I hope your holiday was pleasant. Mine was, although at some point I shifted into hibernation mode — all I want to do is sleep, a condition that will likely last until we change the clocks again. Sleep and eat. You ask me, the bears have the right idea.
Maybe cutting back on carbs will help. She said as she finished the last slice of birthday cake.
If any of you doubt that I basically pull every entry on this blog from my nether regions on a daily basis, I offer as evidence the preceding two paragraphs.
I’m a little rusty this morning. Lots went on over the weekend, lots coming up. We had a production meeting/casting session for the upcoming 48-hour film challenge, and I took a moment to look around the table at all the smart faces there and reflect on what these Michigan tax incentives for filmmakers have wrought. The difference between what we brought to the party in June 2008 and what we have just over a year later is pretty remarkable. Not that the 2008 team was bush league, but most of the people we have now, from actors to crew, have serious professional filmmaking experience, and it shows. A year ago, casting the zombie movie, some of the people auditioning had trouble reading. Saturday, we had a 13-year-old girl who most recently worked with Rob Reiner. In fact, as I looked around the table and asked myself who’s the weak link in the chain? It’s me. Time to bring it, I guess.
We also had house guests, John and Sam, for Saturday night, when we finally celebrated my birthday. Lovely cake and presents. Pork tenderloin with an Indian spice rub on the grill, yum yum. We discovered that even though both John and Sam are plugged in net people, being childless they’ve missed many YouTube classics — Charlie Bit Me, the Panda Sneeze, and of course, the Dramatic Prairie Dog. John learns fast, however, and quickly threw together this video homage with his iPhone and one of my birthday presents, which we’re calling…
That’s a pen from some cowboy museum on John and Sammy’s recent trip out west. Punchline: It doesn’t work. Glad it’s good for something.
And now my attention is drawn by the events of the day — the president’s speech on Afghanistan tomorrow, the next phase in heath insurance reform, and, of course, Tiger Woods’ marriage, about which I could not care less. I am interested in human behavior, however, so before we go on, let’s stipulate something that is, to me, as plain as that Escalade wrapped around the tree, yonder:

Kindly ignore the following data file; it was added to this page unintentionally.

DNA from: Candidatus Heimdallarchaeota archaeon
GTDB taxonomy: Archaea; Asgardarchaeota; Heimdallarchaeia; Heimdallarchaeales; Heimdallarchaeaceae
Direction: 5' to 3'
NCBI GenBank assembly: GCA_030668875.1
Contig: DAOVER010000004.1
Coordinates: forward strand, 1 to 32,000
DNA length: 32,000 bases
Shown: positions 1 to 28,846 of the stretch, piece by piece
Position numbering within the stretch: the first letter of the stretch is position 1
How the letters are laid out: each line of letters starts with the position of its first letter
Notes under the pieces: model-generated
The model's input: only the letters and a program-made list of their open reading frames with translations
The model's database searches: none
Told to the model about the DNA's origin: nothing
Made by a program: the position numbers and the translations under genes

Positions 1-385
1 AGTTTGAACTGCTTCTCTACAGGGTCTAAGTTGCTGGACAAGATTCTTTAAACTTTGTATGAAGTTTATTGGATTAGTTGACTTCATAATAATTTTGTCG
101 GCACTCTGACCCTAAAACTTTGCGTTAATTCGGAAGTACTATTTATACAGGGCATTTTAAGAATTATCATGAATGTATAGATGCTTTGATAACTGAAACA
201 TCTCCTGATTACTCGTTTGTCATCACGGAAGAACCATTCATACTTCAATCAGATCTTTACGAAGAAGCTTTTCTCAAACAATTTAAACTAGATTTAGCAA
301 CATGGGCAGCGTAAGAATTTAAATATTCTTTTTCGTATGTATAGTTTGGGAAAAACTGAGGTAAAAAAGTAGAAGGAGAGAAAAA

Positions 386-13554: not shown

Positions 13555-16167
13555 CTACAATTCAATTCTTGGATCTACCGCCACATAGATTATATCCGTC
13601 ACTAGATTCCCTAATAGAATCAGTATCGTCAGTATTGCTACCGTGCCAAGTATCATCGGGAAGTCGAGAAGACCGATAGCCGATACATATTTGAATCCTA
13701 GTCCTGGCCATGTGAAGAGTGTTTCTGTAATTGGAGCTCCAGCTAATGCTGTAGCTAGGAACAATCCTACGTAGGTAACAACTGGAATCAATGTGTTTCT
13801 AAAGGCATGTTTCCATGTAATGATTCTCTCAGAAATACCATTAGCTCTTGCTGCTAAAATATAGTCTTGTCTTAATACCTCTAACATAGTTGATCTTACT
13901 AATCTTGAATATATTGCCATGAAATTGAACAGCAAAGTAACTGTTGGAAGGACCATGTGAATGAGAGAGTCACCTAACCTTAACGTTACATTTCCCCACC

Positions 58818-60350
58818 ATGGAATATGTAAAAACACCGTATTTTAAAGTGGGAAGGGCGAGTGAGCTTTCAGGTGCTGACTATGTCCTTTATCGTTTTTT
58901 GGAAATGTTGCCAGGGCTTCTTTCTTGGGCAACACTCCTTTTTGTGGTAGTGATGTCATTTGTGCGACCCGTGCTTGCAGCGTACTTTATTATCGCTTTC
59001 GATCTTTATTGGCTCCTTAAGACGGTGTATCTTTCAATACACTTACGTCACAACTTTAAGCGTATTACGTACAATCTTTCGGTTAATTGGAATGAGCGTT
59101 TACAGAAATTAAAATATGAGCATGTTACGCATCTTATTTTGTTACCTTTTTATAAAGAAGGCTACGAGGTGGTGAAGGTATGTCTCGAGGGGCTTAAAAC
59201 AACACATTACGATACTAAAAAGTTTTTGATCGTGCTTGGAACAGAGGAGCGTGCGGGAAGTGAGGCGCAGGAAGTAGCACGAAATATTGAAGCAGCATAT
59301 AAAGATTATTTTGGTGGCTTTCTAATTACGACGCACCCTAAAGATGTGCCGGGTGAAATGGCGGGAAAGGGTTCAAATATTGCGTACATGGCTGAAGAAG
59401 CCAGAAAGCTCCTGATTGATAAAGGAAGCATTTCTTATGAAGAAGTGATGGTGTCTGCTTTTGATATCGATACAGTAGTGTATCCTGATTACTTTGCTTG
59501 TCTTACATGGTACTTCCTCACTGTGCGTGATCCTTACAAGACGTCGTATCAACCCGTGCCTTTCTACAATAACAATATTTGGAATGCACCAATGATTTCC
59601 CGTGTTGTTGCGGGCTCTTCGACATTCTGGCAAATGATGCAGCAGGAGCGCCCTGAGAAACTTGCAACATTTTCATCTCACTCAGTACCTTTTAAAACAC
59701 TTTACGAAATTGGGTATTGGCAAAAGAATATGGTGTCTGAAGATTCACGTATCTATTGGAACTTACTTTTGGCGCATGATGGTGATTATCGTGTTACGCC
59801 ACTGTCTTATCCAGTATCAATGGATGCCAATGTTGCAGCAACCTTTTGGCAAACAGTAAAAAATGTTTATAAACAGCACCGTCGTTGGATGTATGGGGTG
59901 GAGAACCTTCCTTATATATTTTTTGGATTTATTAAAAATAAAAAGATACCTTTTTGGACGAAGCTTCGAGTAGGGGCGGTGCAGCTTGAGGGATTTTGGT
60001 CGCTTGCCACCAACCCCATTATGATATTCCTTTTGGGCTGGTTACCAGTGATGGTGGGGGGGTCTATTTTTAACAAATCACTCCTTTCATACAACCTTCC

Woods is lying. He’s lying about the accident, he’s lying about whatever preceded it, and he’s lying about the role his wife played in it. He probably started the whole chain of events by lying to her, too, the classic, “Who, me? I wasn’t with her! The National Enquirer is lying!” That’s OK — everyone lies sometimes, and none of us would want to live with a 100 percent truth-teller. Sometimes the greatest honesty comes out of gentle deception, etc. I’m thinking today of his wife, who I’m going to speculate was wielding that golf club not to rescue her husband, but to threaten him and perhaps knock his block off. Eric Zorn and I have been exchanging e-mail on the subject, and he contends her target was the car all along — nothing like a smashed window to punctuate your peril when you’re trying to escape the fury of a Swedish giantess. I think maybe she was aiming for the man himself, which would be pretty damn stupid on her part — any physical injury to the ATM
machine she shares her life with would imperil its future smooth operation. But then, I doubt Woods married his wife for her brains. Maybe that’s what he found in the New York “social director” he was allegedly dallying with, an intellectual equal to his Stanford-educated brain.
Let’s take a look at this TMZ item, though, one that says Tiger was shopping Zales (Zales? Yeah, that sent up a flag for me, too) for a “Kobe Special,” i.e., a big flashy rock to appease her feminine furies. I’m reminded of the female comedian who, after the original Kobe special was delivered, remarked, “Just what every woman wants — a big shiny reminder of her husband’s infidelity.”
Let me just go on the record here, and say I hope my child will grow to adulthood knowing that her mother never went after her father with a golf club. Good lord, Elin, one misjudged swing and you’re talking closed-head injury and the rest of your life being the next Dana Reeve. Suck it up.
Ten a.m. looms, dragging behind it a busy day. We’re back to the mangle, folks, and starting the long slog to Christmas.